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All The Metrics That Matter: Part One | Glossary of Key GPM Terms

GameBench Staff

PIQ 21.05

“GlossaryEssential terminology

Game Performance Management is not just a science … It’s also something of an art. Pioneering GPM since 2013, GameBench has identified, defined and captured all the metrics that matter to ensure the best possible user experience. These are the fundamental concepts – along with some helpful extra links, and a summary of the best GPM practices – that every gaming professional needs to understand.

Battery drain
User-perceived battery power as measured by the device OS. Corroborated with milliamp readings (where available).

Battery ratings
The average mA consumption of the whole system, measured during gameplay and combined with battery capacity (mAh) to rate the expected number of gameplay hours on a charge.

Power-Consumption App vs Browser across Android and iOS
CPU usage
The amount of work the CPU is doing as a percentage, normalised against the available CPU cores and their given frequencies.

Frame rate (FPS)
The number of frames shown in a given second.

Frame times
Tied to frame rate, the number of milliseconds to draw a single given frame. For example, a frame every 16.6667ms reflects 60 frames per second.

Frame rate variability
The average jump between consecutive frame rate readings taken each second, reflecting the amount of variation in visual fluidity that a gamer experienced (Lower is better).

Frame rendering
What the user sees while playing a game. Measured using Median FPS, FPS Stability, and Variability Index.

The core, interactive component of a game, excluding loading screens, menu screens, and advertisements.

GPU latency
The demand that a game’s software makes on the graphical processor.

Image consistency ratings
Algorithms are used to monitor key metrics of image consistency across a gameplay session. Differences between tests – e.g., in average edge or color complexity – are highlighted.

Input latency
The measured time for a response to a user input, rated according to fixed benchmarks set by research. Example: Time between a player clicking the mouse button, and seeing the muzzle flash of an in-game gun.

Power-Consumption App vs Browser across Android and iOS
In GPM, an isolated, long pause between two frames, usually caused by dropped frames. (“Janky” is also used, less specifically, by gamers to denote poor game quality.)

Negative impacts on video and audio quality, caused by delays in data packet arrival, due commonly to network congestion and/or route changes. (A key network metric, see also packet loss and latency.)

Launch Time
The time taken to launch an app after it has been removed from memory, but is not freshly installed (i.e., a “cold launch” but not a “first launch”). Measured from tapping the game icon on the home screen to seeing the first interactive screen.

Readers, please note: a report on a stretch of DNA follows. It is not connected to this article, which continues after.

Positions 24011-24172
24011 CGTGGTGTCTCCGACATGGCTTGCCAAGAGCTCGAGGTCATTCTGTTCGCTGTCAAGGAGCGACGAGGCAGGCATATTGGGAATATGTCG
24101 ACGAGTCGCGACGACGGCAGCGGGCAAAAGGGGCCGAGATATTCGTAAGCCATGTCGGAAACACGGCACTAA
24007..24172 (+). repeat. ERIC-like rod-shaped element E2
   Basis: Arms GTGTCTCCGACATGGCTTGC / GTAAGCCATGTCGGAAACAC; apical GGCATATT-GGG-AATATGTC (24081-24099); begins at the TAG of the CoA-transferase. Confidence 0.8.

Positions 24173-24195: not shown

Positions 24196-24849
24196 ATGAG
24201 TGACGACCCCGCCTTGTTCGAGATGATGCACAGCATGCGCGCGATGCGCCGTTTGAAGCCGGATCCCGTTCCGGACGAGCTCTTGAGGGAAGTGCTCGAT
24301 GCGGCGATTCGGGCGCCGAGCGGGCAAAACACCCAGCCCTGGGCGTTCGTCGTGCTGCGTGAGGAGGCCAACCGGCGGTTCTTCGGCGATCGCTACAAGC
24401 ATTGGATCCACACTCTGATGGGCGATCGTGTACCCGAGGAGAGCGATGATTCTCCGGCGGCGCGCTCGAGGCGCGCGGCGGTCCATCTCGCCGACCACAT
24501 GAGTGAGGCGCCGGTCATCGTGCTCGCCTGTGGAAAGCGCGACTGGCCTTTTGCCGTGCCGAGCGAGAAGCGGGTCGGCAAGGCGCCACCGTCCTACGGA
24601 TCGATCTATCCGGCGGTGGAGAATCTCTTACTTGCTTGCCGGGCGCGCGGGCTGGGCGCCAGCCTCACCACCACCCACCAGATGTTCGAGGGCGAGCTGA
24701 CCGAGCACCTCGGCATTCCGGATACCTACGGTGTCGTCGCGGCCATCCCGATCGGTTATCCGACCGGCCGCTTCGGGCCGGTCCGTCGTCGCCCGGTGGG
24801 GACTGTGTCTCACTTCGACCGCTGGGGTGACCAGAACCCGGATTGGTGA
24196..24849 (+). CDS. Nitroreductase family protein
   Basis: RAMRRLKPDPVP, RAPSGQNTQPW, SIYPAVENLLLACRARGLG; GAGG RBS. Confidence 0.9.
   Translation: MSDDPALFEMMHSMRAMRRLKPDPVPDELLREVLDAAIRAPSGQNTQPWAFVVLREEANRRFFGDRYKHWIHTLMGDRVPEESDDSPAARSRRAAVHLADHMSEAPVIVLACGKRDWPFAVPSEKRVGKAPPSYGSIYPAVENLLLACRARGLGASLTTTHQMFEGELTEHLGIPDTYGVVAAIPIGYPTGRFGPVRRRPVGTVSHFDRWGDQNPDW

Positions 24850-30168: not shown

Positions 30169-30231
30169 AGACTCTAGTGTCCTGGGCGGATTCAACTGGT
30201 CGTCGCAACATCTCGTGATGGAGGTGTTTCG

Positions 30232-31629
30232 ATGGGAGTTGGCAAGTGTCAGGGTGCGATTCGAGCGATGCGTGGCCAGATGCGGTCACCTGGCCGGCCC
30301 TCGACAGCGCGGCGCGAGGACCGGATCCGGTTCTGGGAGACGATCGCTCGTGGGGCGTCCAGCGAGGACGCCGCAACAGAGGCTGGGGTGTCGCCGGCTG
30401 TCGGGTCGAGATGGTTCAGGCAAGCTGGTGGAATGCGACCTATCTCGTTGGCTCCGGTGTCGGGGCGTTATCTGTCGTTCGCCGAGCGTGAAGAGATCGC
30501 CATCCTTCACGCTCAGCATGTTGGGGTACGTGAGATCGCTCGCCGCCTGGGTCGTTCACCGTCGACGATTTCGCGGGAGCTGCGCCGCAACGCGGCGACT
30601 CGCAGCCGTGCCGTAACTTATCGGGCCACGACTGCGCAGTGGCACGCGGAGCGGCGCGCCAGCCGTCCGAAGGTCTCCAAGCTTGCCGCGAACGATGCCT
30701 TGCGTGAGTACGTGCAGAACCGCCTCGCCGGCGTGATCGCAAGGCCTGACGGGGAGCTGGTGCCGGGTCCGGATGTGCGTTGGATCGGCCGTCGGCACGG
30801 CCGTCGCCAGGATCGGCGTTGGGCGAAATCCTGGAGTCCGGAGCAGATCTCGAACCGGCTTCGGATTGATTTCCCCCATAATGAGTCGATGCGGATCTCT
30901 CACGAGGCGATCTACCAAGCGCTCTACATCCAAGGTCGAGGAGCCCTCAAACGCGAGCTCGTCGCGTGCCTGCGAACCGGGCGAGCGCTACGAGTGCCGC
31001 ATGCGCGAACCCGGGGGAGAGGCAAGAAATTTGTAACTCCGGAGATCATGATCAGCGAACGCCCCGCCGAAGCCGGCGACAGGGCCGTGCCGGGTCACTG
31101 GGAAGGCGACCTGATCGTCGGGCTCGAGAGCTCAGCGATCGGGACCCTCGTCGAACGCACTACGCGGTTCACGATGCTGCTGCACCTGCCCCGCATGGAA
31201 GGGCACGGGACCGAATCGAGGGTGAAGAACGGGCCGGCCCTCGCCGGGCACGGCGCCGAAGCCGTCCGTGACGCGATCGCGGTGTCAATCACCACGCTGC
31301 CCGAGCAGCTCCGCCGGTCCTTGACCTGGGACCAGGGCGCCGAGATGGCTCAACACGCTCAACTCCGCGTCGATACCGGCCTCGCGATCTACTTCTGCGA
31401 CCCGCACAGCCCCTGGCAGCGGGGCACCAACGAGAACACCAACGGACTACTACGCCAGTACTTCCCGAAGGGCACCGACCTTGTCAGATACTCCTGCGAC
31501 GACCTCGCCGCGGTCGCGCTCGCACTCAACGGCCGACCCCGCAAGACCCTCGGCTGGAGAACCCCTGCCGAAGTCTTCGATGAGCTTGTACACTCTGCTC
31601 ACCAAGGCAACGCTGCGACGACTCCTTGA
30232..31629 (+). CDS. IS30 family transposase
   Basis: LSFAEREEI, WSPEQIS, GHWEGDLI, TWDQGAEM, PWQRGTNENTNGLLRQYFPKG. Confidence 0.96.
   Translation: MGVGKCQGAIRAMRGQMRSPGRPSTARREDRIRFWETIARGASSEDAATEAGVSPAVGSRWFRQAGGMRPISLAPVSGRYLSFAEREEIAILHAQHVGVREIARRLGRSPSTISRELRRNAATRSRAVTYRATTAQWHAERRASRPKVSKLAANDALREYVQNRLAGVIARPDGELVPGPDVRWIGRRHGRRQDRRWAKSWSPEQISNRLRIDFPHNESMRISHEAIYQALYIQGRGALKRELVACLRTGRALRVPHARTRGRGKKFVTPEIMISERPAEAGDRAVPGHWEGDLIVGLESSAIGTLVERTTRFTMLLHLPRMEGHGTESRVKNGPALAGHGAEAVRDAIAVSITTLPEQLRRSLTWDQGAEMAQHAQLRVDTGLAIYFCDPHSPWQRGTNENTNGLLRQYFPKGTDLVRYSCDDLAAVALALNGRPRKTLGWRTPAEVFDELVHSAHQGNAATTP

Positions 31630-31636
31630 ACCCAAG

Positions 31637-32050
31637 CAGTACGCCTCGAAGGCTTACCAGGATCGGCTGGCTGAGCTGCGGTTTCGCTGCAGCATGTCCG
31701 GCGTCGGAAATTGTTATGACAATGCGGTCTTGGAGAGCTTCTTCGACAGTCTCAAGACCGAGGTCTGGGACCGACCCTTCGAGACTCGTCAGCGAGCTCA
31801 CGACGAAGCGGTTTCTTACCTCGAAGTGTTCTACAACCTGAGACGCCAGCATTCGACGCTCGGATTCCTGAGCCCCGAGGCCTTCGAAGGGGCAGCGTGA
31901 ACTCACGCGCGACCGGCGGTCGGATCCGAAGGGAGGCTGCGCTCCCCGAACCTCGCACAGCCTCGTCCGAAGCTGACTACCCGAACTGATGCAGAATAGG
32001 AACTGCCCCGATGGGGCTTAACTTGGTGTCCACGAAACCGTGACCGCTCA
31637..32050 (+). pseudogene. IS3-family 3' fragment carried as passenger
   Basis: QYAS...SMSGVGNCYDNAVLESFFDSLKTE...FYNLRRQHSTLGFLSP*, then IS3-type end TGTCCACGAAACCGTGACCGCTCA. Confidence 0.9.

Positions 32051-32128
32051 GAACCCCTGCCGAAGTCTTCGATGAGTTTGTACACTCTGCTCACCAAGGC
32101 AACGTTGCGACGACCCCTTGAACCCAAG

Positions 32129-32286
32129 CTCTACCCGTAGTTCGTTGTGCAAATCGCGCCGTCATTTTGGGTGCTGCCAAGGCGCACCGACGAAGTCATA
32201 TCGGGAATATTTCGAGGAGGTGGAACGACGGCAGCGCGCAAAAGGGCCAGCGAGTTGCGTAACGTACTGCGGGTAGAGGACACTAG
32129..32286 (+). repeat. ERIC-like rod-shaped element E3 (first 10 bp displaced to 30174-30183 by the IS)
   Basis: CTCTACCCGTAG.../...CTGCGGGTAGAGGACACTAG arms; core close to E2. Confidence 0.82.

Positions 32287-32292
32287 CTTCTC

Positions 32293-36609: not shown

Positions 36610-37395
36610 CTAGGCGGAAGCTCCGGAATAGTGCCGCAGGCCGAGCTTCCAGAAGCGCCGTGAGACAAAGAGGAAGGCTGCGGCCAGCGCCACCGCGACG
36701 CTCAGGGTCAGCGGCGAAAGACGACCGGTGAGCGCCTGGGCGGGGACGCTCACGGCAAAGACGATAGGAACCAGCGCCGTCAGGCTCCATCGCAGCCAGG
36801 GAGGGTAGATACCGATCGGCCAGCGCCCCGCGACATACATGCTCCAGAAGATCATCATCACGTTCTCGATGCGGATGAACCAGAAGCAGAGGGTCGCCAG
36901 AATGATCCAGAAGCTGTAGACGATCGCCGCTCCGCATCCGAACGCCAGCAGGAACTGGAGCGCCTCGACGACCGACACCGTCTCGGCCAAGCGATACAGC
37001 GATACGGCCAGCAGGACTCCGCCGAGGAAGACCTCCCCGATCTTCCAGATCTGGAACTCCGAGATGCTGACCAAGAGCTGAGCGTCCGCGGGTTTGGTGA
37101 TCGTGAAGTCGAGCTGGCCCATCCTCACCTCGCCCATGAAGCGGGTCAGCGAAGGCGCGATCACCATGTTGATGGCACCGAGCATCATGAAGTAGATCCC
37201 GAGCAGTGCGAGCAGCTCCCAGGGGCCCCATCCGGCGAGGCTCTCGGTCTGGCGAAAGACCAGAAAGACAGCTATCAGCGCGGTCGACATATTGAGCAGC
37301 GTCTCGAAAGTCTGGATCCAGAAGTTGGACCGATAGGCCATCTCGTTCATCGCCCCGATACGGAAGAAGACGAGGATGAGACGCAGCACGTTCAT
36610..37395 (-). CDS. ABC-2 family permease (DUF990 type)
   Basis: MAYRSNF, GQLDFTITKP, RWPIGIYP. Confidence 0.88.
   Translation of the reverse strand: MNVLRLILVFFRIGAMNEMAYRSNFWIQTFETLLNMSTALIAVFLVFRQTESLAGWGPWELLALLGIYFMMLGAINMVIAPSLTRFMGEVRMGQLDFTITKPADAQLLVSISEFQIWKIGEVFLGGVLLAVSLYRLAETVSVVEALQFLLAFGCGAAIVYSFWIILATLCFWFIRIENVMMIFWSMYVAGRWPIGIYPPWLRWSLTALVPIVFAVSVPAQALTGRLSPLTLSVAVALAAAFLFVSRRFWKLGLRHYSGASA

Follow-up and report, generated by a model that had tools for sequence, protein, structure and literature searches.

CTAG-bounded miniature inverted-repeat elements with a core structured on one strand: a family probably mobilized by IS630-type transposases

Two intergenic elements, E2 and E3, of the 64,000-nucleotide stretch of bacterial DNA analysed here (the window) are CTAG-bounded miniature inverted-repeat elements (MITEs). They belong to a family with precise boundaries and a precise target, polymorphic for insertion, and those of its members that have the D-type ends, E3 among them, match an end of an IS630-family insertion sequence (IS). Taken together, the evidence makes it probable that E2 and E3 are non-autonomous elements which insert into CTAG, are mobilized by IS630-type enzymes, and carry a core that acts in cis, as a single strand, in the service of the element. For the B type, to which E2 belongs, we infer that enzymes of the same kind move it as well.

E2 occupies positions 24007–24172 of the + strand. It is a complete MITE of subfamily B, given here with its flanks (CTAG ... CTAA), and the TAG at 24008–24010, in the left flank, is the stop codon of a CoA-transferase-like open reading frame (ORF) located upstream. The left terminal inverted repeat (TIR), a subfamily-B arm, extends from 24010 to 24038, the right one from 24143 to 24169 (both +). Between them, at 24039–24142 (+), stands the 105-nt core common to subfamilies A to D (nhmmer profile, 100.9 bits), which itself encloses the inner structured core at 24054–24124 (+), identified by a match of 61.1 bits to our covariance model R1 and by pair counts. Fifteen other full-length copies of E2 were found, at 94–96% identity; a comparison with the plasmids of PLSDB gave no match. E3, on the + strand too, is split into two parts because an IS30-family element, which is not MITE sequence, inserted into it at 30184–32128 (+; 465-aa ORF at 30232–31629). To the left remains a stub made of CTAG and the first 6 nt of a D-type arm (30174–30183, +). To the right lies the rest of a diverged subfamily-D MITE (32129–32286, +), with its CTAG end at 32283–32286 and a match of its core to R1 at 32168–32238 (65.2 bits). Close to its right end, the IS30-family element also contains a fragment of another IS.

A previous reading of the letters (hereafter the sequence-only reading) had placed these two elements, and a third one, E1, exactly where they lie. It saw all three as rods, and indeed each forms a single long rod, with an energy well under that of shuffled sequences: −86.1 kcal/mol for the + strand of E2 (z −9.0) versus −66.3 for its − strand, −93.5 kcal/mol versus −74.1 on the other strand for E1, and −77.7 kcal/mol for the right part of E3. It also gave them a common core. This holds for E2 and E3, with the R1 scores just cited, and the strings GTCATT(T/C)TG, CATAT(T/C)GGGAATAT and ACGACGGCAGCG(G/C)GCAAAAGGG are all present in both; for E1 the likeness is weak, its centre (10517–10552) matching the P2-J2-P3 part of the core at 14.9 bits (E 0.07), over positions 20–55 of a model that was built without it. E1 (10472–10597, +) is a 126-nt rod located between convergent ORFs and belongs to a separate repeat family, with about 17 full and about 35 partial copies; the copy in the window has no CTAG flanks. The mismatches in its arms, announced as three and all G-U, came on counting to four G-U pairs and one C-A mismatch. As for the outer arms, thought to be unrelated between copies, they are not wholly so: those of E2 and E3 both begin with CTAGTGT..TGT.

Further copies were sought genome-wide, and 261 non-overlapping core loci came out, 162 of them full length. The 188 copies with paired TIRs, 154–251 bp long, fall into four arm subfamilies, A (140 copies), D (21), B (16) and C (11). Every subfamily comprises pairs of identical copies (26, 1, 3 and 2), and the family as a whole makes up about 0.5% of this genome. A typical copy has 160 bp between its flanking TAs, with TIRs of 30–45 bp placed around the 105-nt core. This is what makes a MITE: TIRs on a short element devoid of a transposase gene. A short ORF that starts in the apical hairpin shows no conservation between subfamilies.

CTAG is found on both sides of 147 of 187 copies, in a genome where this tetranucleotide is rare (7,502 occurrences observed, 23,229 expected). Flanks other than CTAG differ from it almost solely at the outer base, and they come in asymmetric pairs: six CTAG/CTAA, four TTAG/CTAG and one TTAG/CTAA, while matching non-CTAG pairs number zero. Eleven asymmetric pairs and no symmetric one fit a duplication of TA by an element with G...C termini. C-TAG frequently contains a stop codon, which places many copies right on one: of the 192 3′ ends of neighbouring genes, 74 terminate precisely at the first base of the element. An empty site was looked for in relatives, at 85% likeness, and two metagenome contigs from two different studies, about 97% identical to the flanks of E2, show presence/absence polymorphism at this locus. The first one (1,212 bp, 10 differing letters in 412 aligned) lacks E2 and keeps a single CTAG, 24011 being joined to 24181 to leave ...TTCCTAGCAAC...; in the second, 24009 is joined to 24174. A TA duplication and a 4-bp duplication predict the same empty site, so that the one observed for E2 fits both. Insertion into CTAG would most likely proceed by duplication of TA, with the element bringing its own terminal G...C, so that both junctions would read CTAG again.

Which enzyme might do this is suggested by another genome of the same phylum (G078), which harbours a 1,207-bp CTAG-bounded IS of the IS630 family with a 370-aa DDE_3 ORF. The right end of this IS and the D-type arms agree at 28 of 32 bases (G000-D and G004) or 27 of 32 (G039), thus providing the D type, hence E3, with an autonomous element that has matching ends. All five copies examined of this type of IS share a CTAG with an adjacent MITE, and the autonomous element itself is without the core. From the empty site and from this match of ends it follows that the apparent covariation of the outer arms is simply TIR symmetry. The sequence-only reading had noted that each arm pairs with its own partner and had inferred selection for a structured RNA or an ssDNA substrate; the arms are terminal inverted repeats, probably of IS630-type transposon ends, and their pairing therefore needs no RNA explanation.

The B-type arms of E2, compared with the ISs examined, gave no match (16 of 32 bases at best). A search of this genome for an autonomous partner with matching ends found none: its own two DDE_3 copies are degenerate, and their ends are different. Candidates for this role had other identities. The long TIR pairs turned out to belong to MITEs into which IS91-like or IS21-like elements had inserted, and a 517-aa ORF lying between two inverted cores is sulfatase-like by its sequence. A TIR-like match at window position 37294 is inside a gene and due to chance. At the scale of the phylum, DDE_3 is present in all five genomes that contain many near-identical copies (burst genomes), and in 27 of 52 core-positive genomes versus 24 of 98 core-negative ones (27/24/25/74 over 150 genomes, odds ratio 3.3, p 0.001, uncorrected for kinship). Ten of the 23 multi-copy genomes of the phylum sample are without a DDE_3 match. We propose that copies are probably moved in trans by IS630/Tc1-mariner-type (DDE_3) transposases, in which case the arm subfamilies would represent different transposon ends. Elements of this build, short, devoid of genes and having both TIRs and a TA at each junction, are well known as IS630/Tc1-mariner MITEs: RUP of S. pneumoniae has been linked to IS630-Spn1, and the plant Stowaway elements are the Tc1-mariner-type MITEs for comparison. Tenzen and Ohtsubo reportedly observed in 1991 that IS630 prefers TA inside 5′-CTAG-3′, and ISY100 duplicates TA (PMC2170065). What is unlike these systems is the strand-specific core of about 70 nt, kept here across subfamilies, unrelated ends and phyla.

Median frame rate
The middle-most frame rate during gameplay, representing the typical visual fluidity that the gamer experiences (Higher is better).

Minimum frame rate
The worst frame rate experienced during gameplay, typically happens during a moment of heightened gamer activity or a computational bottleneck (Higher is better).

Network latency
Also known as lag, the time for a packet of data to be captured, transmitted and processed, then received and decoded. (See also packet loss and jitter.)

Packet loss
A key network metric (see also jitter and latency) when packets of data fail to reach their destination. Measured as a percentage of packets lost against number of packets sent.

Performance rating
Graphical performance rated by measuring multiple frame rate metrics during gameplay (median frame rate, minimum variability) and compared to established gaming benchmarks and user data analysis.

Pixel shader load
The operating load for running pixel (fragment) shaders, which update colours and textures on scene geometry.

Vertex shader load
The operating load for running vertex shaders which shape scene geometry.

Best practices

Experience analytics
Data should reflect the experience of real gamers who are playing to win, i.e. no bots, scripts or device farms.

Natural gameplay
Each gamer should follow a strict methodology that does not interfere with natural gameplay, but does ensure that certain parameters are matched across tests (e.g., game and device configuration, game scenarios covered). Minimum sessions of 15 minutes are essential.

Testing methods
The testing elements of GPM should be accomplished using objective tools, with no reliance on traditional testers or subjective opinions.

Game-device pair
Every gaming experience relies on multiple hardware and software working in harmony, so valid testing is always done in game-device pairs.

Validated metrics
Metrics should be validated using multiple independent methods. However GPM relies to some extent on the accuracy of underlying metrics produced by e.g., Windows, Android or iOS operating systems, or cloud gaming platform telemetry.

Real-world devices
Real-world, unrooted and non-jailbroken devices should be used, reflecting actual gamer experience as closely as possible.

This is the first of three Performance IQ bulletins dedicated to the essentials of GPM. PIQ 21.06 will unpack and explain the key benchmarks that define and differentiate the “Great” (enthusiast), “Good” (standard), “Basic” (casual) and “Poor” (out of scope) levels of actual gamer experience. What’s more, we’ll be bringing you both drops combined into a single, simple pdf for reference.

Part Two: The Key Performance Management Benchmarks | Part Three: Game Performance Management in Action

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